Arbicon worked for our sub-contractor client to resolve payment disputes through Alternative Dispute Resolution (ADR). £54,318.46 (first dispute) + £26,609.45 (second dispute).
Value: £1.69 million
Our client suffered negligence by their Quantity Surveyor and a lack of co-operation by an overcharging Main Contractor. Arbicon were instructed to rescue the Head Office refurbishment project, taking over the QS role and directing the contract to a conclusion.
Value: Circa £30,000
Our subcontractor client had been experiencing payment issues with their Main Contractor Client who was refuting the value due to be paid to them, having refuted numerous variations, having refuted the value of the contract works being undertaken and the applicable rates, and having sought to apply numerous contra charges of significant value in respect of alleged defects and delays even suggested that our Client was liable to refund them for purported overpayments. Working with the Subcontractor, Arbicon prepared a fully substantiated account...
Our Sub-contractor client had not been paid their latest application as the other party alleged there was considerable defects. Arbicon started the ADR process and wrote a letter regarding the legal and contractual obligations to pay, following this, the main contractor made full payment.
Undertook a review of the client’s standard terms and conditions and made amendments to these to make the terms more robust and reduce the contractual/commercial risks to our Client.
Arbicon were instructed to resolve a payment dispute for our sub-contractor client who had not been paid their latest application in accordance with the contract terms, despite the sum being notified as due. The Alternative Dispute Resolution (ADR) process was started with a letter written to the main contractor explaining the legal and contractual obligations to pay and stating the intent to suspend the works. This led to the main contractor making a part payment only, which subsequently led to a second letter and the works being suspended. Following this, the main contractor made full payment to our sub-contractor client.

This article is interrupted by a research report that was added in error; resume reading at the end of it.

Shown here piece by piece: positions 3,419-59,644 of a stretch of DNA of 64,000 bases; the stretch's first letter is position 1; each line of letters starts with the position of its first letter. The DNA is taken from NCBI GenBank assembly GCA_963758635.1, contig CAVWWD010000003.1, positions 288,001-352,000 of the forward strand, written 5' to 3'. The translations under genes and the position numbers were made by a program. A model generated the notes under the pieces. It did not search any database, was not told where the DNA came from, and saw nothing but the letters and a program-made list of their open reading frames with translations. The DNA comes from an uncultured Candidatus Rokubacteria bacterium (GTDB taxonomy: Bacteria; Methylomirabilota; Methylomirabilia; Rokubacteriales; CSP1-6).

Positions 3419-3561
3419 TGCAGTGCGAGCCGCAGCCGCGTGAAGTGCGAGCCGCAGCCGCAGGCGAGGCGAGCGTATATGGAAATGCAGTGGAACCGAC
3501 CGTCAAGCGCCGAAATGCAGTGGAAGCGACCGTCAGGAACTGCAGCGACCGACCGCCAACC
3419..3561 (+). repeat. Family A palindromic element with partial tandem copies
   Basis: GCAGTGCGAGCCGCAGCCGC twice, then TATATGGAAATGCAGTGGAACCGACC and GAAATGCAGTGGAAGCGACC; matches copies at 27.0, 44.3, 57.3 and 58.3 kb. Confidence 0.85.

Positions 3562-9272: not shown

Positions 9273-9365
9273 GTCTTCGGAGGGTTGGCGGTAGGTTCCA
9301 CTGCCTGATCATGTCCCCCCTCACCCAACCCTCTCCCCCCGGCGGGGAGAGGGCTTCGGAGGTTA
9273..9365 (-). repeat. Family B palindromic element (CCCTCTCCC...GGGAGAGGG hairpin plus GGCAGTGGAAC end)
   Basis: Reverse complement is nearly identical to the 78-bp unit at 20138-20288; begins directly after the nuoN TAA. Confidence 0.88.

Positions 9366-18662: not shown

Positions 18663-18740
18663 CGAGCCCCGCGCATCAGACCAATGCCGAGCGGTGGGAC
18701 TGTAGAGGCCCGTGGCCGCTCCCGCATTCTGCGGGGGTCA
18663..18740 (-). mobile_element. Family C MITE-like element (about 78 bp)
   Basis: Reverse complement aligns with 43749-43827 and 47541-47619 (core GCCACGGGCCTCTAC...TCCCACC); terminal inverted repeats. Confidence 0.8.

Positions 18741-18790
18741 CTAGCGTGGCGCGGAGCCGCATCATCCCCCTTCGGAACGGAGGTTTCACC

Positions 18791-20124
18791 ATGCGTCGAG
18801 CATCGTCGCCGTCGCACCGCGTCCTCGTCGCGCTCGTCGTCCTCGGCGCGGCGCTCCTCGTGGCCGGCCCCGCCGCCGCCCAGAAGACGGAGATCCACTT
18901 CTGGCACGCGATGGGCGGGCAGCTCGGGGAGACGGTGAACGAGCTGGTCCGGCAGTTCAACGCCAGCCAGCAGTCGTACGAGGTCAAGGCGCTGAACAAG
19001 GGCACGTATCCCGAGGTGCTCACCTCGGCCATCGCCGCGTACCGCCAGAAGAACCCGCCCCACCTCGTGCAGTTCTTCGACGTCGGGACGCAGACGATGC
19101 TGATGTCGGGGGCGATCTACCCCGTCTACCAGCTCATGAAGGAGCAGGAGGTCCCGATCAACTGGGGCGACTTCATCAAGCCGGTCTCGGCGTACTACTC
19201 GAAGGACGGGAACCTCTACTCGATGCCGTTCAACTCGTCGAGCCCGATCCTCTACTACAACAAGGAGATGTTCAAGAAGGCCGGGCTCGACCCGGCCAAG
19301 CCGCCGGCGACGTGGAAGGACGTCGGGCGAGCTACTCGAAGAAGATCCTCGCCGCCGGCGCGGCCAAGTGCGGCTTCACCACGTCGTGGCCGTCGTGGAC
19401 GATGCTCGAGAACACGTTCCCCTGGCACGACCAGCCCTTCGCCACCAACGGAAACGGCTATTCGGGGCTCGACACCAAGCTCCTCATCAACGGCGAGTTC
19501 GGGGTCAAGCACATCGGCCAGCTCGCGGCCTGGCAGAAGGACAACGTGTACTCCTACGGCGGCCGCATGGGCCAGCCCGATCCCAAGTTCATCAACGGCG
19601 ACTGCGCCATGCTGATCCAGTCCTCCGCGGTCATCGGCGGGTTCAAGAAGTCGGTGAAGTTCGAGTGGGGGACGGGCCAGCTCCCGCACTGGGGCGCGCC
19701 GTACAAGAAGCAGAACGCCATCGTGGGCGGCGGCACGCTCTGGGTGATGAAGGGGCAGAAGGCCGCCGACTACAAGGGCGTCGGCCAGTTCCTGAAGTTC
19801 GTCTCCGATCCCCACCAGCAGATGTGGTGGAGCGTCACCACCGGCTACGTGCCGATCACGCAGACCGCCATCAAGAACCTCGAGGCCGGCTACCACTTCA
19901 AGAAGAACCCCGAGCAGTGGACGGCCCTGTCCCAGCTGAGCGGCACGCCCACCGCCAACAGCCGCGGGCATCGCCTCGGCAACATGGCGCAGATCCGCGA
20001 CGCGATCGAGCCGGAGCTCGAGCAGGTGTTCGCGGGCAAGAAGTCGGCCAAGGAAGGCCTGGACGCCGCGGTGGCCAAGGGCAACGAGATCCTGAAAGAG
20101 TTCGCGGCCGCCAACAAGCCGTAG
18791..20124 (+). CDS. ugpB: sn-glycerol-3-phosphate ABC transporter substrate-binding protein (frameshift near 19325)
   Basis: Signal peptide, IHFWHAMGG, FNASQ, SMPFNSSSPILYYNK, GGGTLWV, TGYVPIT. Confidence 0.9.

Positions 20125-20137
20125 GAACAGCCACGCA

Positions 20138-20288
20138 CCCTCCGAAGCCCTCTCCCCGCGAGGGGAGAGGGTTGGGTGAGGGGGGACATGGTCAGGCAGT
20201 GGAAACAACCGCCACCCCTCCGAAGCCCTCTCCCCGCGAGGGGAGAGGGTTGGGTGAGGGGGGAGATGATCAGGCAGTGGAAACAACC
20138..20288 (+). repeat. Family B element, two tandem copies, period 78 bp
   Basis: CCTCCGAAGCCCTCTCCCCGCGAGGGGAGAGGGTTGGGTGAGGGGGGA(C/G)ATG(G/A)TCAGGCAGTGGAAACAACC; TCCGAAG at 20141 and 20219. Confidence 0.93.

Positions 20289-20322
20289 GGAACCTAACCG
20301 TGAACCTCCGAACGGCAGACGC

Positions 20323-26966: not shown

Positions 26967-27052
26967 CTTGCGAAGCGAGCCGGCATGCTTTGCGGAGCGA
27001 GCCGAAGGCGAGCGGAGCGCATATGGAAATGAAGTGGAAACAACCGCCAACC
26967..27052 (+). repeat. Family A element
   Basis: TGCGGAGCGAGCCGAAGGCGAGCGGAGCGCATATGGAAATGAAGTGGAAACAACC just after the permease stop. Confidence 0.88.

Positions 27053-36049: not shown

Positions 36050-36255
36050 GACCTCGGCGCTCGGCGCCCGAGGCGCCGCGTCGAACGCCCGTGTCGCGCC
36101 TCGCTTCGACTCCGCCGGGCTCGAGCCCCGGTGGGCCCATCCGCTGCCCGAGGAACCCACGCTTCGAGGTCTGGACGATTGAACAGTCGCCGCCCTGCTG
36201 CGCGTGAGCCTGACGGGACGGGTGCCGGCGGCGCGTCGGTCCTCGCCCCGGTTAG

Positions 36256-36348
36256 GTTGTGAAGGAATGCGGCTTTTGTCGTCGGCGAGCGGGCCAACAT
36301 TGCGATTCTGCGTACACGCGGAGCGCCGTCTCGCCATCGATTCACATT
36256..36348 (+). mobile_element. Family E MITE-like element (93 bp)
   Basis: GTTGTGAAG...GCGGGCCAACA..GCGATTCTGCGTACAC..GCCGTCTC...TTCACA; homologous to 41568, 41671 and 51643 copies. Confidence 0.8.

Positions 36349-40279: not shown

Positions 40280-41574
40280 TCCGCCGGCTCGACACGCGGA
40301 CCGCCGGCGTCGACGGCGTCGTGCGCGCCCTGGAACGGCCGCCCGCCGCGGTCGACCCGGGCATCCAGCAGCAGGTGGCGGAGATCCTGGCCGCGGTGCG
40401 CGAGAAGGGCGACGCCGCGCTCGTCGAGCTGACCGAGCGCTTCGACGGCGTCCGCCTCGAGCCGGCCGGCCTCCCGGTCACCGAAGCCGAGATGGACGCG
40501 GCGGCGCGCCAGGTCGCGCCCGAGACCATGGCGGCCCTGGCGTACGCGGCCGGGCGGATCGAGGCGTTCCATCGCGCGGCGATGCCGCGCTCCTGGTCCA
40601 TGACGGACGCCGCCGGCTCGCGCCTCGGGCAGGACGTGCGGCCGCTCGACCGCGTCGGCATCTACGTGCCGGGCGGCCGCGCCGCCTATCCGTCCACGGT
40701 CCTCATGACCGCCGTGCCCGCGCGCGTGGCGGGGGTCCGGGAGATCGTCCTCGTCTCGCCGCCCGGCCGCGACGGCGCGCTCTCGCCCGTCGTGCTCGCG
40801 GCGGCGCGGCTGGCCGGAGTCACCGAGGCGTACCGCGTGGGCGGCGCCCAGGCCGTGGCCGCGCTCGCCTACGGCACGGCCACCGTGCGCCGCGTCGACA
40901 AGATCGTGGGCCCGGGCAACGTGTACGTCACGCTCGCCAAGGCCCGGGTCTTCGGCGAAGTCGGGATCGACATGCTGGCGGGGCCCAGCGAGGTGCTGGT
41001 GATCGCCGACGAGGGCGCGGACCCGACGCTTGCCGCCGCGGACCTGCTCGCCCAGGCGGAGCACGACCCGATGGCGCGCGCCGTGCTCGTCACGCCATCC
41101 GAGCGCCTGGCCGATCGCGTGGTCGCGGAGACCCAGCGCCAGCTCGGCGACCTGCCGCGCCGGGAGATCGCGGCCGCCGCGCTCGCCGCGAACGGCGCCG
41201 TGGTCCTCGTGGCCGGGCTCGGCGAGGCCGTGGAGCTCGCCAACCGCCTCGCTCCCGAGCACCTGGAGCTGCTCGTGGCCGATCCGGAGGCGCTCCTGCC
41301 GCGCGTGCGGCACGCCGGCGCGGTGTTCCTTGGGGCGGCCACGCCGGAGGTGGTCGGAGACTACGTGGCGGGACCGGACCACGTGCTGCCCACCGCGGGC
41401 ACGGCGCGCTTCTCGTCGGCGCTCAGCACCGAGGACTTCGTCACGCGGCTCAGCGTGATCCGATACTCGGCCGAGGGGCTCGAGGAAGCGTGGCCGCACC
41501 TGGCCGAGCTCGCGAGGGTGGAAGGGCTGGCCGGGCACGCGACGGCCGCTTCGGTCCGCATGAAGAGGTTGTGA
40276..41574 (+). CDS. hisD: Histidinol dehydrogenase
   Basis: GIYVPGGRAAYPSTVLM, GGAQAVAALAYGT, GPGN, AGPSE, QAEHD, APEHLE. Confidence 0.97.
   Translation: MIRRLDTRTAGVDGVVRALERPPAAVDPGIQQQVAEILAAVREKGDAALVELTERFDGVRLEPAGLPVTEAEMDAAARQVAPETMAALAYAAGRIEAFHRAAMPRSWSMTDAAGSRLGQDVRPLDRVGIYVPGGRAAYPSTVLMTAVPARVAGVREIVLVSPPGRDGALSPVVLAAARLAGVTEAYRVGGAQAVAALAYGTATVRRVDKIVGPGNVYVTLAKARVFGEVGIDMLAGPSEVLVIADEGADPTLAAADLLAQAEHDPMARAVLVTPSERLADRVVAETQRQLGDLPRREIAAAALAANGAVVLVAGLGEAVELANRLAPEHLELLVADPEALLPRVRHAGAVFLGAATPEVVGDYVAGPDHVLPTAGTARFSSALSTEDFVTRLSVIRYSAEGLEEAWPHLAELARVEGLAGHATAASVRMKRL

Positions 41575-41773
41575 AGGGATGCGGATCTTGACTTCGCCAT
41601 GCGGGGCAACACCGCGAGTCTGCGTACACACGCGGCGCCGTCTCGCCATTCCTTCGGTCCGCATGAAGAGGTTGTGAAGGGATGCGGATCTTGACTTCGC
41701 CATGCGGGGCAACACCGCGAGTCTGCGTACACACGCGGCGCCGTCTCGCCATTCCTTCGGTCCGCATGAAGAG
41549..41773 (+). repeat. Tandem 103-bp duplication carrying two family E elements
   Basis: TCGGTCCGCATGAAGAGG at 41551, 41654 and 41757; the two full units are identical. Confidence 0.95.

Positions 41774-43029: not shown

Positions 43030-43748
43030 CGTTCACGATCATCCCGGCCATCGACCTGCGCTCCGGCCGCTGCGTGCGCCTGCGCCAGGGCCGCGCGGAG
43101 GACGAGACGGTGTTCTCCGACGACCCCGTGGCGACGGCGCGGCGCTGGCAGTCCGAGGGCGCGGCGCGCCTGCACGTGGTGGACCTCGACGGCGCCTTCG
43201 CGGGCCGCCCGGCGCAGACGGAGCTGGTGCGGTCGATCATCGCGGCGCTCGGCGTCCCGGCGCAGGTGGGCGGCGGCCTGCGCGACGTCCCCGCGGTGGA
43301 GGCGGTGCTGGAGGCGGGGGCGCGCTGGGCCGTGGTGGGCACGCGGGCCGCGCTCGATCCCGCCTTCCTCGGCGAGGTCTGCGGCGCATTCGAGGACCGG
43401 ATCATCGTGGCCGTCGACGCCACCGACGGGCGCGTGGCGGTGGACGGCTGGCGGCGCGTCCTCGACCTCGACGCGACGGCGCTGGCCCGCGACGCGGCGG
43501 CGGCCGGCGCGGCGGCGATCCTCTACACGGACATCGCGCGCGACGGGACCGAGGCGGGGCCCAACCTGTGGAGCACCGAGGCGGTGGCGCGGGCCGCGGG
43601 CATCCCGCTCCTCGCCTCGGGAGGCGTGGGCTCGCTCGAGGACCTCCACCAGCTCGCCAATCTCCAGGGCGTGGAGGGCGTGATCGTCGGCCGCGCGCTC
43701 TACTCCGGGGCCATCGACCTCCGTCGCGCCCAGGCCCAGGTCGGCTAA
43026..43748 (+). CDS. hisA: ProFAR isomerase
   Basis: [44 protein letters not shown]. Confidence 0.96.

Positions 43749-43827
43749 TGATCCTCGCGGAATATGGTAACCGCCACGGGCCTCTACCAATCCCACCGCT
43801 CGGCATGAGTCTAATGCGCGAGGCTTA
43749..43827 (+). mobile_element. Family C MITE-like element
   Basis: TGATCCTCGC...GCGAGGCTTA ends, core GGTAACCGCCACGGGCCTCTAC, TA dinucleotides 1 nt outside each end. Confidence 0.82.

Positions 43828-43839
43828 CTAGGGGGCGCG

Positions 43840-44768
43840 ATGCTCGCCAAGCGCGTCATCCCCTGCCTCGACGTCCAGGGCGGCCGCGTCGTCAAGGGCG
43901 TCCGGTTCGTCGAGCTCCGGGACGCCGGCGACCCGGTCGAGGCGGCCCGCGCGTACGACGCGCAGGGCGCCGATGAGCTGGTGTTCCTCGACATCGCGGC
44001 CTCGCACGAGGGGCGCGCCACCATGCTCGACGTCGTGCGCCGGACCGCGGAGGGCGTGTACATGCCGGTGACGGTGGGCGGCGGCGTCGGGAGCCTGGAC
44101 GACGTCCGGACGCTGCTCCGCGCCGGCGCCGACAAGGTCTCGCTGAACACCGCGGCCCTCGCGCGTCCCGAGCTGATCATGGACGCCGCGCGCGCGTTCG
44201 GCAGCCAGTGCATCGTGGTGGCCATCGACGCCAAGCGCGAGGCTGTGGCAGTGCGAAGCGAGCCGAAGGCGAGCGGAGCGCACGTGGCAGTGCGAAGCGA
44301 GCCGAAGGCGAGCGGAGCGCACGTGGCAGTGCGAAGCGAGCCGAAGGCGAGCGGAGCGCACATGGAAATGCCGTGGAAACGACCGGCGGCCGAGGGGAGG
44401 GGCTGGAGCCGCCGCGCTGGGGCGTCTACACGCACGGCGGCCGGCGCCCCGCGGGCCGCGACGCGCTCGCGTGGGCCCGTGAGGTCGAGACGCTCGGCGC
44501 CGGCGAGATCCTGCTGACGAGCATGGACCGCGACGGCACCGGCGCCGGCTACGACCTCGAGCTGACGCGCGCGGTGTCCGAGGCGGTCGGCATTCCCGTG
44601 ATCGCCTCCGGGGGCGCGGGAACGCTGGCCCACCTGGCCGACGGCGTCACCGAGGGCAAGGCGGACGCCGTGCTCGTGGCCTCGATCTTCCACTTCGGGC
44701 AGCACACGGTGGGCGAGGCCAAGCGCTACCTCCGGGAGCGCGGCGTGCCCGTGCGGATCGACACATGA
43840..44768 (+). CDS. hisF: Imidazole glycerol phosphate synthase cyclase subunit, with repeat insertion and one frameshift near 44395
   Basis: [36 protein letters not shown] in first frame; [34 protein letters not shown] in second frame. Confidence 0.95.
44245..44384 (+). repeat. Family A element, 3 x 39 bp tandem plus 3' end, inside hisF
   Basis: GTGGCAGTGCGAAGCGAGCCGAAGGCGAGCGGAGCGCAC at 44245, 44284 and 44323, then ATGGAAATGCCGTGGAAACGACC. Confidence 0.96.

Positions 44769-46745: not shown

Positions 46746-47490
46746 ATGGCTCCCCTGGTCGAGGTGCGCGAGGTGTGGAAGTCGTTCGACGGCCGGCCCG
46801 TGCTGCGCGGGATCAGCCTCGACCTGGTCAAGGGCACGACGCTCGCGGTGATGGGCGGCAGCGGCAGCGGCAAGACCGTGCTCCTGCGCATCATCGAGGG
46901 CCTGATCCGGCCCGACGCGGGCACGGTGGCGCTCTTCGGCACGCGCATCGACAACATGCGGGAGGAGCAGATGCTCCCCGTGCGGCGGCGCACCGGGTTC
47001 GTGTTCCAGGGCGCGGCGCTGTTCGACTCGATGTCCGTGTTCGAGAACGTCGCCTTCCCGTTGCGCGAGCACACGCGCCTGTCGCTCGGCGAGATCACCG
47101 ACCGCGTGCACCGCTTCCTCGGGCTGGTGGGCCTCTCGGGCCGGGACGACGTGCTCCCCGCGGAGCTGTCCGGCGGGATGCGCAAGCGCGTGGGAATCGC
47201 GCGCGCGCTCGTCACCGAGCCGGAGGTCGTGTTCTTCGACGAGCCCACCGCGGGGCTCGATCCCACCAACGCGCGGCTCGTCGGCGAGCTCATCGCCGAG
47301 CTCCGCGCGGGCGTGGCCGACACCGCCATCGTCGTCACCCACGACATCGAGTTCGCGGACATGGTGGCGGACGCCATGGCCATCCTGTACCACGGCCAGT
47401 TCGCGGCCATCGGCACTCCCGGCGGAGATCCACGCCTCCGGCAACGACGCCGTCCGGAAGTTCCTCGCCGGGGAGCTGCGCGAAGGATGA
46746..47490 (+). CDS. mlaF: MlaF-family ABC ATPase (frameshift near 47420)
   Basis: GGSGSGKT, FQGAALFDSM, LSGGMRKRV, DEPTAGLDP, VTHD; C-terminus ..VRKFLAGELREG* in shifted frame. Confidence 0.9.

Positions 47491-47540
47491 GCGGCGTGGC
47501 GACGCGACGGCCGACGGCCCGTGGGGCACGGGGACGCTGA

Arbicon were instructed by the Client Claimants in respect of an Expert Report on the value and condition of works carried out and the required remedial works for the County Court. The works were entirely defective and had to be replaced due to very poor workmanship. The Court agreed and awarded the Claimants damages for all of their Claim.
Arbicon acted for the Claimant Builder to prepare an Expert Report on the value of works carried out for the County Court. On the basis of the report the parties settled the matter.
Acting for the Main Contractor, this case was probably one of the most involved of all cases despite a decision not being reached by the Adjudicator due to party settlement. A high-profile firm of construction solicitors acted for the claimant, there followed lengthy exchanges, which extended to the fourth submission and numerous witness statements from both sides. The main crux of claim was for loss of profit as the brickwork sub-contract had not been employed in an intended second phase. There was a bespoke contract implied, which referred to several sets of conditions, which in turn contradicted each other, thus the Contract was clearly in "no-man’s land". It was not clear either whether or not the second phase had been promised to the Sub-contractor. Added to all these factors there were numerous contra-charges, losses and expenses, variation values, almost every aspect of account in dispute. The legal arguments were numerous and interesting including arguments as to the interpretation of the Contract and the law on repudiation and entitlement to profit loss. From an intellectual point of view, it was disappointing not to obtain a decision, but professionally the client was satisfied with the outcome.